Lorenzo’s Italian Restaurant's culinary whizzes craft a menu of family-style Italian fare from traditional and progressive, fusion-inspired recipes. Old World Italy and New Mexico seductively tango like mismatched police partners throughout the grilled chicken fettuccini Alfanso, festooned with sausage and green chili ($14.25 for full order). A dozen dynamite pasta preparations grace the dinner menu, as well as grilled rib-eye steak, served with mushrooms sautéed in merlot and a side of fettuccine alfredo ($23.25). Lunchtime yields a crew of 18 pizzas (starting at $11) to satiate stomachs, and half-portion lobster ravioli ($11.50) with lemon and butter sauce tickles tinier appetites. Lips sip on one of seven Italian sodas ($2.50), supplemented with whipped cream to mimic the experience of drinking a carbonated cloud.
Last season was a hallmark season at Sunland Park when wagers skyrocketed 32% to nearly $54 million, yielding big returns for equine enthusiasts with an eye for winners. Bet a doll hair or two and watch the global stampede of speed-steeds in Sunland Park’s Simulcast Lounge and throughout the Grandstand and Turf Club areas. Your simulcast program will serve as a papery fountain of horseracing knowledge, helping you make wise wagers and avoiding such foolish bets as taking the long odds on Hägar the Horrible being funny tomorrow. In addition to a $10 betting voucher, you and your fellow Equus ferus caballus admirer can feed on cheeseburgers, soft drinks, and French fries while comparing the goofiest horse rap monikers on your profile sheet.
Peek across the counter at the shop's resident chocolatiers, who massage creamy loafs of chocolate on sturdy marble slabs daily. For additional culinary theatrics, feel free to cheer on the expert orchard orderlies as they kettle-dip Granny Smiths into caramel-coated creations. Caramel apples range from the classically simple (starting at $5.25) to The Monster Apple, which is rolled in mixed nuts, layered lovingly in milk or dark chocolate, and drizzled in rich white confection with liberal discretion. For additional brain pampering, strip away the core and go straight for the score with freshly fangled fudges ($13.25 per pound).
When describing The Magic Pan Restaurant's cuisine to Ventanas Magazine, owner Annette Lawrence, an El Paso native, described it as "gourmet with a Southwestern flair." Homemade sauces and dressings in flavors such as honey Tabasco and creamy cilantro lime add kick to fresh salads served with sides such as pecan cornbread, while parmesan cream laced with peppery chipotle spices up a classic bowl of fettuccini alfredo. Smoked and roasted meats fill the majority of the restaurant's sandwiches, which are held together by focaccia, brioche, ciabatta, or the telekinetic powers of the kitchen's chef, and meaty entrees such as prime angus ribeye with smoked sea salt, cognac, and fresh herb compound butter reveal the kitchen's talent for updating culinary classics.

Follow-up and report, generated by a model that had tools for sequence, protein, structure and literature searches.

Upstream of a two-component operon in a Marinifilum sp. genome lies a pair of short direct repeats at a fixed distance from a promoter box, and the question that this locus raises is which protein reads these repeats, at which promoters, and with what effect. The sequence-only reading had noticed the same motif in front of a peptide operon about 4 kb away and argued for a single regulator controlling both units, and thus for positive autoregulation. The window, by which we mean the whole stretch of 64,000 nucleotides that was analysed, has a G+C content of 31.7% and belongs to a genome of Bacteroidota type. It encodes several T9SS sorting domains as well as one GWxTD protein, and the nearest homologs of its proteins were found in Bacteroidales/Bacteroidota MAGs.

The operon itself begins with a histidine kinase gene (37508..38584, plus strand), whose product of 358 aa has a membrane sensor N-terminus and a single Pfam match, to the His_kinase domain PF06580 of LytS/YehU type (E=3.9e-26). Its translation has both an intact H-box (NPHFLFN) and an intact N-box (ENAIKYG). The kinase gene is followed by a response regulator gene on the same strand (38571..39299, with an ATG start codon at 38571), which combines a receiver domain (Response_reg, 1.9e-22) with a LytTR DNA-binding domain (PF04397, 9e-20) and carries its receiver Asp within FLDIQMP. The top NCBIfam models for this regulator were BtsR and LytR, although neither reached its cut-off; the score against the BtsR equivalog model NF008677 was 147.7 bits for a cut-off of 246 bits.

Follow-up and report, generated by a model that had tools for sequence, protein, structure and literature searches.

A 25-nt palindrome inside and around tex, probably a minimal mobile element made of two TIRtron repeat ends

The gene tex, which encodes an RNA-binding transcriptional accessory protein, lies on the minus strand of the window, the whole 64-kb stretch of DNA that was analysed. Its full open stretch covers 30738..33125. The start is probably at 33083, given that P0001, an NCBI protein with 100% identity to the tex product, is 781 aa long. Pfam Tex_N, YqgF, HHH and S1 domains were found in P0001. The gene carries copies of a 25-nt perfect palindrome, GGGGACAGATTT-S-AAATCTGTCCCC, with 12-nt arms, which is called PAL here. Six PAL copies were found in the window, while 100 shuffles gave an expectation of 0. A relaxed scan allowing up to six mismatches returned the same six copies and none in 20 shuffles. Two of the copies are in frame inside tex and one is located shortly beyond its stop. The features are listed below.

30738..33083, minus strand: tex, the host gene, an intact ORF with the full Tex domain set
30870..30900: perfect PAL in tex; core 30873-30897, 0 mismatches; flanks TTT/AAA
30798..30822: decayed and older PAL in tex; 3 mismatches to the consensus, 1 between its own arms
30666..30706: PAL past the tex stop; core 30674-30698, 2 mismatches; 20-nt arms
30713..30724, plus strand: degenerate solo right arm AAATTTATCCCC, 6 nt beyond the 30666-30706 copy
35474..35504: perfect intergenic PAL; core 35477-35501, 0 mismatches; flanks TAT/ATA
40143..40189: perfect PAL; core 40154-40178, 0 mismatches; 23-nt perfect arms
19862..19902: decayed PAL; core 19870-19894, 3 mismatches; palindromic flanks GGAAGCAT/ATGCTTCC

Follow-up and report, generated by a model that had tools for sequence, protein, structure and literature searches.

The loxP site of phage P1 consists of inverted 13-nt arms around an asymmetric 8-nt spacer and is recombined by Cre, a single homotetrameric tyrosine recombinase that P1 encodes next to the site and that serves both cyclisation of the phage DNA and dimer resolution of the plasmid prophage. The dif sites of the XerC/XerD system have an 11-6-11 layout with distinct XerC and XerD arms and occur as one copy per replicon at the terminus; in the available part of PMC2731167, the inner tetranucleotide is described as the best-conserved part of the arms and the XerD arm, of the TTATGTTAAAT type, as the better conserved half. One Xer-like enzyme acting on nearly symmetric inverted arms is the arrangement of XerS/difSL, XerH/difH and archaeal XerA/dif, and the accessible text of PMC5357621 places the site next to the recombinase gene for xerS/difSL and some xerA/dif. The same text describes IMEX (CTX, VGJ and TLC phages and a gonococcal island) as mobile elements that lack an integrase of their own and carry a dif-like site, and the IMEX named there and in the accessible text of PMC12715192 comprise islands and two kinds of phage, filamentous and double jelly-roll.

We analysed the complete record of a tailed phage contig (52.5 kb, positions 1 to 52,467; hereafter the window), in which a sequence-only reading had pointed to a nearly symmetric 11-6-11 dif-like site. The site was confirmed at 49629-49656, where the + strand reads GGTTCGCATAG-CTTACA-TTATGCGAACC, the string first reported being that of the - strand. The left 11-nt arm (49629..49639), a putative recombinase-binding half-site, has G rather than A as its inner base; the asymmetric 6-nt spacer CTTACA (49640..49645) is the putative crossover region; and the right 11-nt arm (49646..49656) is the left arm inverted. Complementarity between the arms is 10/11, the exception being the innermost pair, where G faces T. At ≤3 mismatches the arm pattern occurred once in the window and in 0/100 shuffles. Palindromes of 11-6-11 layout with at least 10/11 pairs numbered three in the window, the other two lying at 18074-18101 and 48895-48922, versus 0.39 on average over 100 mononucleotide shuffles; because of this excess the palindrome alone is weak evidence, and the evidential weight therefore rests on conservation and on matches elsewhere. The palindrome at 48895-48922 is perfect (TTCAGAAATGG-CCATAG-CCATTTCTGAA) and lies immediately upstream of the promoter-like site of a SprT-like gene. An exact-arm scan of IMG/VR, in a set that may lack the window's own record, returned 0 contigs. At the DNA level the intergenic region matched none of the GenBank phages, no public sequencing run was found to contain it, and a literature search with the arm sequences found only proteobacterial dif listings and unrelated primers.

According to Ventanas Magazine, The Magic Pan's interior also combines flavors from around the globe in a design scheme orchestrated by Lawrence and her daughter Vanessa. At The Pan Restaurant on Cincinnati Street, work from local furniture makers is showcased alongside pieces imported from Bali, while guests to the original restaurant on Doniphan Drive enjoy their vibrant fare while surrounded by colorful, original artwork or patio planters filled with exotic flowers.:m]]
Sri Lankan culture incorporates distinctive southern Asian roots along with influences from the various European nations that have ruled it. As a result, the cuisine typically features a mélange of Indian, Portuguese, Dutch, Chinese, and Malaysian flavors. At Curry Leaf, Lana Hillstrom remains true to the flavors of her native Sri Lanka, filling the menu with her country's eclectic cuisine. Chickpeas, pork, and sliced mango simmer in aromatic curry, distinguished from familiar Thai or Indian versions by a signature powder that uses 21 fragrant ingredients, according to the Colorado Springs Independent. The rest of the menu includes Sri Lankan interpretations of Asian standards such as chicken tikka, fried rice, and mulligatawny soup.
Channeling the same vivaciousness as the menu, the dining room bursts with color from its sunshine-yellow walls, draped with leafy foliage and imported Sri Lankan rainbows. Framed pictures and woodwork also adorn the walls, and a rocking chair and a stately armchair add to the room's homey ambiance.